Beauty – The best possible pirate address for a woman. Always preceded by “me,” as in, “C’mere, me beauty,” or even, “me buxom beauty,” to one particularly well endowed.
Bilge rat – The bilge is the lowest level of the ship. It’s loaded with ballast and slimy, reeking water. A bilge rat, then, is a rat that lives in the worst place on the ship. Since bilge rat is a pretty dirty thing to call someone, by all means use it on your friends.
Bung hole – Victuals on a ship were stored in wooden casks. The stopper in the barrel is called the bung, and the hole is called the bung hole.  It sounds worse than it actually is, doesn’t it? When dinner is served on TLAP day you could make quite an impression by saying, “Well, me hearties, let’s see what crawled out of the bung hole.” No doubt, that statement will be followed by the sound of people putting down their utensils and pushing away from the table.
Grog – An alcoholic drink, usually rum diluted with water, but in this context you could use it to refer to any alcoholic beverage other than beer. Water aboard ship was stored for long periods in slimy wooden barrels, and rum was added to each sailor’s water ration to kill the rancid taste.
Hornpipe – Both a single-reeded musical instrument sailors often had aboard ship, and a spirited dance that sailors do.
Lubber – (or land lubber) This is the seaman’s version of land lover, mangled by typical pirate disregard for elocution. A lubber is someone who does not go to sea, who stays on the land. More likely than not, you are a lubber 364 days of the year. But not if you’re talking like a pirate! Then the word lubber becomes one of the more fierce weapons in your arsenal of piratical lingo. In a room where everyone is talking like pirates, lubber is ALWAYS an insult.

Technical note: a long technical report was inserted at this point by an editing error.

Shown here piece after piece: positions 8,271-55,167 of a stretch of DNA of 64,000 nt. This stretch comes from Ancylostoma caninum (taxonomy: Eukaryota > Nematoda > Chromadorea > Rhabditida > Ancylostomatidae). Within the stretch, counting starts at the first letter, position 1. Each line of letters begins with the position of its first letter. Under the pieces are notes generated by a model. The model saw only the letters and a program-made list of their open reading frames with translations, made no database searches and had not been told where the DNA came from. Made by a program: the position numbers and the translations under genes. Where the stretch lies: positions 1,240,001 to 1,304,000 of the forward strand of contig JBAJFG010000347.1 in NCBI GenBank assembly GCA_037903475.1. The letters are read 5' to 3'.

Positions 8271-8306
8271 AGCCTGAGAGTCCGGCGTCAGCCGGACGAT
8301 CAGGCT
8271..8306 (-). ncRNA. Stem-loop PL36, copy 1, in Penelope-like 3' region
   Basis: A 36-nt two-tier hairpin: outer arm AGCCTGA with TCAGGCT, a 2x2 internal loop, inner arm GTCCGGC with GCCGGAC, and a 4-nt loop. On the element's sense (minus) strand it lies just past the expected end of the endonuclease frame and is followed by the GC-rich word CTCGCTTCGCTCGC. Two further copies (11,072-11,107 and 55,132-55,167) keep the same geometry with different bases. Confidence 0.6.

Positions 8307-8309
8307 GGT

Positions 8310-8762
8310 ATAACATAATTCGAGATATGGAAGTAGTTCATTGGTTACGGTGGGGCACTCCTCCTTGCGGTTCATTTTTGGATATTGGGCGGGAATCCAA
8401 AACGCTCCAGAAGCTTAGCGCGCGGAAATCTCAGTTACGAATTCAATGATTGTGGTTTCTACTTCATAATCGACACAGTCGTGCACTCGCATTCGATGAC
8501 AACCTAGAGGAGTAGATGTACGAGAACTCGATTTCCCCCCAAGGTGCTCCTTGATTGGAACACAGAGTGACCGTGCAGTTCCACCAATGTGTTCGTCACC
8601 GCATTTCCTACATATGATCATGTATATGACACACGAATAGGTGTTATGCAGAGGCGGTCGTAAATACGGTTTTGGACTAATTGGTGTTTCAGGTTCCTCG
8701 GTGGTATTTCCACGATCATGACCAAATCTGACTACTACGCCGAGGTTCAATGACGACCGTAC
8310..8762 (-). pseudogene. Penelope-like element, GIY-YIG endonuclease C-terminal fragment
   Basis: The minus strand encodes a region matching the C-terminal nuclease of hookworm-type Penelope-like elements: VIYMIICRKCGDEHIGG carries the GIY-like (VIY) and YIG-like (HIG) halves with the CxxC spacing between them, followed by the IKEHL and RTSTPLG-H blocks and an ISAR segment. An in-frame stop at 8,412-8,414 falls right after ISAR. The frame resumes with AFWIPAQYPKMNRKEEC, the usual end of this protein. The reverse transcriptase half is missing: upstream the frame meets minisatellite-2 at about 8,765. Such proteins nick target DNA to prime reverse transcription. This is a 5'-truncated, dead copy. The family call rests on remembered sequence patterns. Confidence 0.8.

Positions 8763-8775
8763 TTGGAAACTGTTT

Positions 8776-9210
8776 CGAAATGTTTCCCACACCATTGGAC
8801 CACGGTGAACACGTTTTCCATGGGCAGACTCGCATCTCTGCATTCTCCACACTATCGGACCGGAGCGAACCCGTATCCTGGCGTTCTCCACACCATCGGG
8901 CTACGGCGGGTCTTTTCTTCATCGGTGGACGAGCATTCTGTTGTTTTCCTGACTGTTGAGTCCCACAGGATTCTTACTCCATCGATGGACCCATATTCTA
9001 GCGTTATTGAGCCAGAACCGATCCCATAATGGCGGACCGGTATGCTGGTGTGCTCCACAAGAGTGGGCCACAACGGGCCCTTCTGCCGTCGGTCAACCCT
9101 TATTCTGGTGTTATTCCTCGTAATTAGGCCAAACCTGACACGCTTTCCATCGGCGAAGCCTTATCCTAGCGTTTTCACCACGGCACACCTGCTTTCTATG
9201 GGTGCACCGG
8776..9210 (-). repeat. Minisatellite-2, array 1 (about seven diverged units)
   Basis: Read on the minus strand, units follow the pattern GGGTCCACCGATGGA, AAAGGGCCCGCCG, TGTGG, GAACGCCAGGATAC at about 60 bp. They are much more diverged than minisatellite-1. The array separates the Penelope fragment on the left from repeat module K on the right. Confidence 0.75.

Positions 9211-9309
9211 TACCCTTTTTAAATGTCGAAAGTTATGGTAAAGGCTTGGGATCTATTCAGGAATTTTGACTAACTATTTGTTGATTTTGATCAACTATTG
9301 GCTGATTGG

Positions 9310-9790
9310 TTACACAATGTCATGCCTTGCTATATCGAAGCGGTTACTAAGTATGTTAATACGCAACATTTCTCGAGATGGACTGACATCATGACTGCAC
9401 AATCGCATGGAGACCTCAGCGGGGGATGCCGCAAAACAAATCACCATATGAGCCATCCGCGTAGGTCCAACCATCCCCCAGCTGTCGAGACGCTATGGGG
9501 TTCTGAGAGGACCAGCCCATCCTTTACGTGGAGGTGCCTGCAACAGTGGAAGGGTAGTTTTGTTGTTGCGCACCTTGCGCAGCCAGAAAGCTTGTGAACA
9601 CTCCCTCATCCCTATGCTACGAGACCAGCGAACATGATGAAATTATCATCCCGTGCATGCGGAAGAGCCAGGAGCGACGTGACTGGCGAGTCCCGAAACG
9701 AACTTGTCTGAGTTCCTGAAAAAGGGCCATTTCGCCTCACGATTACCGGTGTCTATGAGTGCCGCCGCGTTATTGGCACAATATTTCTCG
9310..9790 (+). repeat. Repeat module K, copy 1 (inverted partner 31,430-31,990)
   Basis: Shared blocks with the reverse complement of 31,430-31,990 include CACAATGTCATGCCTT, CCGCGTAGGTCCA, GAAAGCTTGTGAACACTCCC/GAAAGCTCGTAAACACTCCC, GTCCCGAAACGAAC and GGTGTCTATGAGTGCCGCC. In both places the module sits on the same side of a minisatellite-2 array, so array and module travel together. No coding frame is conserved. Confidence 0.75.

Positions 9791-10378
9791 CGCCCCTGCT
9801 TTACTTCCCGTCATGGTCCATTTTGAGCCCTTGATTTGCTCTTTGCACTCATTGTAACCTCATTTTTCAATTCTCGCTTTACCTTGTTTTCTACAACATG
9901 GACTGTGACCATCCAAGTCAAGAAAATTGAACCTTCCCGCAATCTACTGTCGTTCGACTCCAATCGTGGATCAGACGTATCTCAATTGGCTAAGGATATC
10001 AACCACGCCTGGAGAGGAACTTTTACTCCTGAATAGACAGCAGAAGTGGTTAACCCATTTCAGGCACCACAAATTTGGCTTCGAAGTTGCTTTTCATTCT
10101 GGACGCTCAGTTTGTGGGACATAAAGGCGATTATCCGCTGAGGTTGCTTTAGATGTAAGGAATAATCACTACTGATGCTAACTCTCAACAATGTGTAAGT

Smartly – Do something quickly. On TLAP Day – “Smartly, me lass,” you might say when sending the bar maid off for another round. She will be so impressed she might well spit in your beer. 

Speaking of moving 'smartly'.... a story comes to mind.  (Or perhaps I should call it a yarn..?)   My uncle -- who was not a pirate but was a sea captain -- was showing off his ship to my aunt.  I guess old habits die hard when you're responsible for hundreds of sailors on a huge merchant ship for long months at a time.  Whatever the reason, as she set foot on the gangplank to board, he turned and snapped at her: "Step lively, Nancy!"  

I wasn't there but I hear the look she gave him was priceless.


15 September 2011

Nest Rest

Okay, so..  I don't really care that I have no idea how I'd get up inside this thing...
or get back out of it, for that matter.

 All I know is, I want one.